Air Traffic Controller – The One


Air Traffic Controller - The One

It’s hard to resist the charm of a serviceman who returns home from duty and channels his reflections on military life into a performing arts career.  So it is with Dave Munro, a Massachusetts native whose time in the U.S. Navy – performing a job you’ll never suspect – led to the unsuspecting discovery of formidable talents as a pop/rock songwriter.  While stationed in Puerto Rico, Munro’s slowly decaying long distance relationship with his girlfriend caused him to seek refuge in music.  Armed with only a guitar, a four-track, and an informal knowledge of chord structures that had been passed down from older siblings, Munro began penning tunes at a frantic rate.  The songs eventually made it back up to Boston, generating some considerable hype before Munro had even completed his assignment in the Caribbean.

Since ditching “Anchors Away” for “I Love Rock n’ Roll” and returning to Massachusetts,” Munro and his band have developed a loyal fanbase on the strength of the burgeoning songwriter’s earnest storytelling, everyman lyrics, and a sound that’s equal parts Traveling Wilburys, and Bruce Springsteen.  Truth be told, if the strummy rock of Air Traffic Controller had just a touch more twang to it, most of the songs on the group’s debut, The One, could very comfortably find a home on the local country station.  Enter producer and erstwhile Bostonian Bleu (a.k.a. William McAuley), whose work with the likes of The Cars and Toad the Wet Sprocket means that there’s a glossy rock radio sheen on nearly all of the album’s 12 tracks.

While claims of Munro’s songwriting prowess are completely warranted, it’s Bleu’s touch at the boards that gives The One its muscle; everything here is mixed down so that nothing – not even the shimmering layers of guitar or lush string arrangements – get in the way of Munro’s effortless ability to spin tales about second chances, failed romances, or nostalgic journeys down familiar roads.  As one might surmise, Air Traffic Controller’s songs are not the stuff of subtlety or understatement, but that’s precisely the reason why this act seems so poised for a mainstream breakthrough.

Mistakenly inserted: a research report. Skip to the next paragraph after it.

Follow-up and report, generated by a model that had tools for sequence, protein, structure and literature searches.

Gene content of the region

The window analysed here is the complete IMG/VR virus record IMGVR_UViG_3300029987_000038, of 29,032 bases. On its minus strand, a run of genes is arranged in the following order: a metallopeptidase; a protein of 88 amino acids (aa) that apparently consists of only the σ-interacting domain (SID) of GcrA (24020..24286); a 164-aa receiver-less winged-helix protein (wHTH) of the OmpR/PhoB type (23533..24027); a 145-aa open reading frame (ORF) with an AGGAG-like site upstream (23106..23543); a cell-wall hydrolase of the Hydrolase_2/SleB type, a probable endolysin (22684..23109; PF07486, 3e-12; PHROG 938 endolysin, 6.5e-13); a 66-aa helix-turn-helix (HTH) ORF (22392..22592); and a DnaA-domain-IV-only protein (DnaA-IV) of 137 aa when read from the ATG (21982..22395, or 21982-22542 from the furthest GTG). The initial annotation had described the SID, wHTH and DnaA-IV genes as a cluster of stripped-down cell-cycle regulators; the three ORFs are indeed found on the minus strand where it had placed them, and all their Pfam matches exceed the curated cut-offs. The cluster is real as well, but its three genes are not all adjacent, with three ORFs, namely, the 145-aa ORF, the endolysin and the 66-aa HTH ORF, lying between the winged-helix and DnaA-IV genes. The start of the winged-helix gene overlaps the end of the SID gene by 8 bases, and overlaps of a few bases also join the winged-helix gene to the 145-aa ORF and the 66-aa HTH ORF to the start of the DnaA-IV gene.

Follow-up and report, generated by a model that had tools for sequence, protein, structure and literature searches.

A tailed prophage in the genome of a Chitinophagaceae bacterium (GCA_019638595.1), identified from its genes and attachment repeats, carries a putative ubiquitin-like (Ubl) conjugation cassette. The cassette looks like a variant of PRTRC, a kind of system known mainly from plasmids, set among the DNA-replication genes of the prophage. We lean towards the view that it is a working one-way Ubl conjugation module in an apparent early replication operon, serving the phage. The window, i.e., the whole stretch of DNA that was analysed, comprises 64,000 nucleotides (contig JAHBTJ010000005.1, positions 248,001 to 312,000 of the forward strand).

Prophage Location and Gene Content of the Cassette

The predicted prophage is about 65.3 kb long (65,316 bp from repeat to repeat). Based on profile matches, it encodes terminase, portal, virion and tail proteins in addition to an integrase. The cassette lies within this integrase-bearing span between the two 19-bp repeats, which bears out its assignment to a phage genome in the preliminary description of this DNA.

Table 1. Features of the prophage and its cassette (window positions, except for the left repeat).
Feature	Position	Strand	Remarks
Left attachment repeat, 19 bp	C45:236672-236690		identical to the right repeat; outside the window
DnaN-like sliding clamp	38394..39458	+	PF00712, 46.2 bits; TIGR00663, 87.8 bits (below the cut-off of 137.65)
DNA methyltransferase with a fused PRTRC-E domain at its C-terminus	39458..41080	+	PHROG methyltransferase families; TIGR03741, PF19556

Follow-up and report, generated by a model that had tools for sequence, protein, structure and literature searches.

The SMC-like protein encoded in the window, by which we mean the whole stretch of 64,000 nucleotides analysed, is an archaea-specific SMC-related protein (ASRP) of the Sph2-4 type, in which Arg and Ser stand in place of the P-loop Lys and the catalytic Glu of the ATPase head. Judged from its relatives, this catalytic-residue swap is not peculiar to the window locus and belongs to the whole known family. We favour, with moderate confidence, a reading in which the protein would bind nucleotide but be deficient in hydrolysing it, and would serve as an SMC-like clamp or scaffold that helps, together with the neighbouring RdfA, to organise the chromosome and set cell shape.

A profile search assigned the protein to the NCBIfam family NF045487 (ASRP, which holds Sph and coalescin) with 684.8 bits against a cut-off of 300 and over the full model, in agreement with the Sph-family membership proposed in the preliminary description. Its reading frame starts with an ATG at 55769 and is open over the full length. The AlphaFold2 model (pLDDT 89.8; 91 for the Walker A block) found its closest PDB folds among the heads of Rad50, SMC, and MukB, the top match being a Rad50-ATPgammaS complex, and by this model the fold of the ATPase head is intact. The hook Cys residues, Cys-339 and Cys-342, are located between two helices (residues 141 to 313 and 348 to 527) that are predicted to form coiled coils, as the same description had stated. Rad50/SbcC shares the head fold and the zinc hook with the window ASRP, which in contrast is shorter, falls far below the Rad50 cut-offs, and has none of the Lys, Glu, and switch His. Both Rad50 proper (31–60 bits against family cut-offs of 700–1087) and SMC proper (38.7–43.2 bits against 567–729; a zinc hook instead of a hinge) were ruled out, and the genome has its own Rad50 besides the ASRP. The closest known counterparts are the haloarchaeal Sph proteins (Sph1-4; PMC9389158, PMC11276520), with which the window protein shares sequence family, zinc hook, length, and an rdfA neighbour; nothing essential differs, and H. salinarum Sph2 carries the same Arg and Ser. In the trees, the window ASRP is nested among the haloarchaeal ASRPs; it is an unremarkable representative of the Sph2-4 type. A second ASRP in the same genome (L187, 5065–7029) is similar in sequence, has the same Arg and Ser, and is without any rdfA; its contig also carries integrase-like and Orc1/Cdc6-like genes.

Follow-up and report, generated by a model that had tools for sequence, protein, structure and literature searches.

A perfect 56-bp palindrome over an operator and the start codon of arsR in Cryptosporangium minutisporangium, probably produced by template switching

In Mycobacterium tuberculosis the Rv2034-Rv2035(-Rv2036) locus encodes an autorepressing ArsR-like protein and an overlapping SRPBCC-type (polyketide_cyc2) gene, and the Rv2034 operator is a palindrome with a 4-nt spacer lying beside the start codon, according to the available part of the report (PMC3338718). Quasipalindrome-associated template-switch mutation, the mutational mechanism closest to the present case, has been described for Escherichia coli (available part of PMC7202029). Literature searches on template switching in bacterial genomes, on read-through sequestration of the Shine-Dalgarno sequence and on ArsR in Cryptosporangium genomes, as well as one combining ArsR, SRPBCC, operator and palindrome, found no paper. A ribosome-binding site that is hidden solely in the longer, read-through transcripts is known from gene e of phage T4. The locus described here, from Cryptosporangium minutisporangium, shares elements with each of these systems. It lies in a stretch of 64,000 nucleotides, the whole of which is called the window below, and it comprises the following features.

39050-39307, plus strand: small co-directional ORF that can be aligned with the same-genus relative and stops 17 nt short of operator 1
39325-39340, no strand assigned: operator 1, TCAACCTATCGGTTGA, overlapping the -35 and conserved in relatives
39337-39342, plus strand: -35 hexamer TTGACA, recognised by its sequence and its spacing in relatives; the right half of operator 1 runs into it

While the lyrics and melodic hooks always trump texture and instrumental nuance here, listeners are bound to find an immediate appeal in the familiarity of Air Traffic Controller’s music; the choruses are super-sized with an anthemic sing-a-long quality, and Munro’s scratchy tenor has a homely and approachable appeal.

“Don’t Tell Me What to Do” opens with a pensive acoustic riff that gives way to robust cello harmonies, female backup vocals, and drums that almost seem copped from “In the Air Tonight.”  On its upward trajectory to pop music heaven, Munro’s voice sounds strikingly fragile, particularly on lines line, “Don’t you tell me what to do / and more importantly / don’t tell me what I shouldn’t do.”

The title track is obviously drawn from personal experience, as the song opens with military boot percussion and offers allusions to days spent learning how to write songs: “Shit just happens sometimes / I put it down and it rhymes.”  Following a fairly conventional verse/chorus/verse structure, the tune is a prototype for what Air Traffic Controller does best – taking a personal experience and making it feel universal.  “Does it suck / is it great / do you think it’s just OK,” sings Munro, his worry over a failing relationship made entirely palpable.

One of the album’s finest moments comes early on in the form of “Bad Axe, MI.”  What begins as a cozy backwoods country tune about the Great Lakes State turns into an encore worthy fist pumper – à la Tom Petty’s “Into the Great Wide Open” – concerning a star looking for his big break (“So he’s off to Nashville / he’s tired of this / maybe this Boston music scene was just a myth”).  Bleu’s work in the studio is evident here, the army of voices in the chorus resonating with a blissful echo.

Munro spends most of the disc criss-crossing the familiar and comfy terrain between folk and power-pop, at turns channeling the reflective adult alternative of Jason Mraz (“Test 1,2”) and even the rousing post-grunge of Hoobastank (“This Road”).  He tackles contemporary religious conundrums on “God Has a Plan” (Does God have a plan for me / do I have to go to church / or can I watch it on TV?”), and recounts an awkward bedroom encounter on the country radio-flavored “Foot of the Bed.”

The One doesn’t offer much in the way of eccentricity, risk-taking, or maverick performances, but it’s going to be hard to find someone else in the independent market whose music so naturally begs for mass consumption; this is big, hooky, surging pop music that readily deserves an audience just as large.